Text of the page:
In other words, everyone who has been booted is unable to access or remove any of their personal project data, stash lists, images, or posts... although the data is all there along with their username, avatar and a message informing users that the "User is no longer active".

A couple of our members sold yarn on Ravelry through paid advertisements... their ads have been removed simply because they (or a family or friend!) were a member of our off-site group... even if they never posted or linked from our group to Ravelry.

We have designers who have been affected, but apparently Ravelry is still selling their patterns (we're not sure where this money might go if patterns are sold at this point).

Reputations have been smeared not only on Ravelry, but across the internet... and for many of these women, their reputation is part of their livelihood. (For me it just stings a bit.)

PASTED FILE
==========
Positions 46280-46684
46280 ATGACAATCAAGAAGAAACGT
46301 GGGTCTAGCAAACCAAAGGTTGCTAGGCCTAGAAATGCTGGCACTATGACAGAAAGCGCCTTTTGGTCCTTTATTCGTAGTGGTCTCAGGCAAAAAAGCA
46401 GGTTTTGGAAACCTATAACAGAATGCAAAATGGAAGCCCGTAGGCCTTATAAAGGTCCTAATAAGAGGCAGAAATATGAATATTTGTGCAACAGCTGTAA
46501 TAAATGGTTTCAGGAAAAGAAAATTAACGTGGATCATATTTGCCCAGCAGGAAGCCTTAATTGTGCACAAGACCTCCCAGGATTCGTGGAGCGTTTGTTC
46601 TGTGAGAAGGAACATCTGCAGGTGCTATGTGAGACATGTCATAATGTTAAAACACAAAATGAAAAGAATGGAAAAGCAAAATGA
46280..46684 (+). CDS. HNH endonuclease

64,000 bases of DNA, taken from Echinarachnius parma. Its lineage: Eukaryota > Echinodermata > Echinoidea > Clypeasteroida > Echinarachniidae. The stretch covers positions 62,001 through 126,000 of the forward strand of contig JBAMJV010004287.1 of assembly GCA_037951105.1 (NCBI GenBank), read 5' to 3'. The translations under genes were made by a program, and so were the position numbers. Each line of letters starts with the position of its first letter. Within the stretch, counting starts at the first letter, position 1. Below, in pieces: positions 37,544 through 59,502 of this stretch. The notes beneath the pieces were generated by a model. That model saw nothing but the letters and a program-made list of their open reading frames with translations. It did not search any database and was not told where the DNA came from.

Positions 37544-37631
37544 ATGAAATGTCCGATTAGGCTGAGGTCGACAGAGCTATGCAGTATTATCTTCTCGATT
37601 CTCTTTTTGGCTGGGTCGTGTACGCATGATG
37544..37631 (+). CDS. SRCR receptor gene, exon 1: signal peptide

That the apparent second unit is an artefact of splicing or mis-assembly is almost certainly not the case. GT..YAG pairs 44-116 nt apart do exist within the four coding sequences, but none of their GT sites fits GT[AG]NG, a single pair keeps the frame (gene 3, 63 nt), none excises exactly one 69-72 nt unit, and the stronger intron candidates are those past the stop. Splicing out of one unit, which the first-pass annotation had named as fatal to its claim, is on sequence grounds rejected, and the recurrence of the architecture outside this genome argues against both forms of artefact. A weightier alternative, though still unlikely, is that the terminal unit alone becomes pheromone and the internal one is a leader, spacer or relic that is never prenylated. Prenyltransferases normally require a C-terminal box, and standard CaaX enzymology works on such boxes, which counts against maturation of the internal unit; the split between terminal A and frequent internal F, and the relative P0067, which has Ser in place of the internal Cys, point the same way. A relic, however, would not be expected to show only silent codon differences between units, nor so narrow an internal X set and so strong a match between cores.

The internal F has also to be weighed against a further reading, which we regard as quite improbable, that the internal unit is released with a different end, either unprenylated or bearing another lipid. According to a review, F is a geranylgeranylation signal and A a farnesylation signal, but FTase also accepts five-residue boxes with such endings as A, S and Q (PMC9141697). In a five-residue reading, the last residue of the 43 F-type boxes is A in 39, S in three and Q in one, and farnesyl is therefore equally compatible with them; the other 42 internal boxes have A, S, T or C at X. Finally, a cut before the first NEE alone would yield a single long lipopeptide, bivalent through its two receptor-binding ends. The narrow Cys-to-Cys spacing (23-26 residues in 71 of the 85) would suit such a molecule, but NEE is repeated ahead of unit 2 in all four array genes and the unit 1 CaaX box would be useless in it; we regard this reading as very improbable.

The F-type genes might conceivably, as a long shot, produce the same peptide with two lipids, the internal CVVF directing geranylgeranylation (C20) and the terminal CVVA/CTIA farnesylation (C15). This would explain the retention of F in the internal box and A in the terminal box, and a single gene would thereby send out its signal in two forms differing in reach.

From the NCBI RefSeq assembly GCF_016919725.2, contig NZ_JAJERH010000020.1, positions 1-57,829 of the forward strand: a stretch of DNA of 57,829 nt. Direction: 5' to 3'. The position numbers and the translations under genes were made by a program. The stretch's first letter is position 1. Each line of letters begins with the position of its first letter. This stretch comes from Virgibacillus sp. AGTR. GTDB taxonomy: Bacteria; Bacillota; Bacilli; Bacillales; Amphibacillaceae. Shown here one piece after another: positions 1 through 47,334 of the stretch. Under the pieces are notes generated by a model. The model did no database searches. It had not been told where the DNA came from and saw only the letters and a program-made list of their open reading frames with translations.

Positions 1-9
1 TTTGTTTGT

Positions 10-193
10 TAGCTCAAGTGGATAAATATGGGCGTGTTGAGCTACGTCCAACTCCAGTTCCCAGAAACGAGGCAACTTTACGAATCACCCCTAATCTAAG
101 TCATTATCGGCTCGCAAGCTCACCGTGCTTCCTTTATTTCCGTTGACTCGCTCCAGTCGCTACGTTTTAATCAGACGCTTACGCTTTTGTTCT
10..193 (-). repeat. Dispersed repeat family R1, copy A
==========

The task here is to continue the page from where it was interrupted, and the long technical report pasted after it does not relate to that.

Anyway, for once I am relieved that I pulled my own plug before being given the boot... but more importantly, if you are using Ravelry, you should be aware of your risk as a designer, advertiser, or ordinary fiber lover. These women I'm talking about have been blindsided... they were not involved in anything improper (of that I can wholeheartedly assure you)... yet they have been banned and have lost access to their own private information. (And if any of you keep project and stash data on Ravelry, you know the time and energy that goes into keeping things up to date.)

Now I have said my last bit on the matter and am off to baseball/basketball practices with my knitting in tote.

7 comments:

Bonnie said...

I'm telling you, great minds great minds. Must be the Girl Scout in us (always be prepared). I had also removed all of my pictures and posts. The only things I had left were some patterns in the Library which they have promised they will send within 7 days. They wouldn't go back on their promise now would they? I will be for letting the world know if their ethics slip even further.